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Darwin Correspondence Project

To William Graham   5 August 1881

Down, Beckenham, Kent | (Railway Station | Orpington. S.E.R.)

Aug. 5, 1881.

Dear Sir

I thank you for your long and interesting letter.1 I am not a quick thinker or a good talker, and you would learn nothing from me on the many important subjects which you have discussed. Moreover I labour under a great disadvantage (the effects of many years ill-health.) that I am not able to talk long with any one. It would therefore by no means be worth your while to come all this distance to see me for an hour. I should, however, much regret not to make your personal acquaintance, and as I am sure to be in London in the autumn, I will then ask you to lunch with me, should this plan prove convenient to you.2

I hope that your book may be largely read, but it is very difficult to get a hearing, so tremendous is the rush of new ideas and of new work of all sorts.3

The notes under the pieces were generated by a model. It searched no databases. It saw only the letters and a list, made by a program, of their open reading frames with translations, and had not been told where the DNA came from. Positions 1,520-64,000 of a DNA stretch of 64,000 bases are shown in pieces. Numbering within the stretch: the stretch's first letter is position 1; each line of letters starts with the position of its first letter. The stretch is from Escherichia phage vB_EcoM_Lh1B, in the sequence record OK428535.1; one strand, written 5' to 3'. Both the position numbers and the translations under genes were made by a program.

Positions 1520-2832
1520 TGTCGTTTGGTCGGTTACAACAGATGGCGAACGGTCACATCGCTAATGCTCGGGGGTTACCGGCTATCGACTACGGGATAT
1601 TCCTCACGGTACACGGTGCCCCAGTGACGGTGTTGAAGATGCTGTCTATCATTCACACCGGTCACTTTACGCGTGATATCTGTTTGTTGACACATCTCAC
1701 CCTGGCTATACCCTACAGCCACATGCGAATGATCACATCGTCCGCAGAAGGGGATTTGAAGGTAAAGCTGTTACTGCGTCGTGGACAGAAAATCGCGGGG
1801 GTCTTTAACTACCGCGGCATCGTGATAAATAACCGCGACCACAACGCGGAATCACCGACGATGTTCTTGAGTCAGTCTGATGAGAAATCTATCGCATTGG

I remain Dear Sir | Yours faithfully | Charles Darwin.


See letter from William Graham, [before 5 August 1881]; only a copied extract from Graham’s letter is extant.
CD probably did not visit London until 13 December 1881 (CD’s ‘Journal’ (Appendix II)); there is no record of a visit by Graham.
For CD’s comments on The creed of science (Graham 1881), see the letter to William Graham, 3 July 1881.


Graham, William. 1881. The creed of science: religious, moral, and social. London: C. Kegan Paul & Co.


Thanks him for his letter. "I am not a quick thinker or a good talker and you would learn nothing from me on the many important subjects you have discussed."

Suggests meeting in London in lieu of a visit to Down.

Letter details

Letter no.
Charles Robert Darwin
William Graham
Sent from
Source of text
DAR 139.12: 8
Physical description
C 1p

Please cite as

Darwin Correspondence Project, “Letter no. 13276,” accessed on 26 March 2023,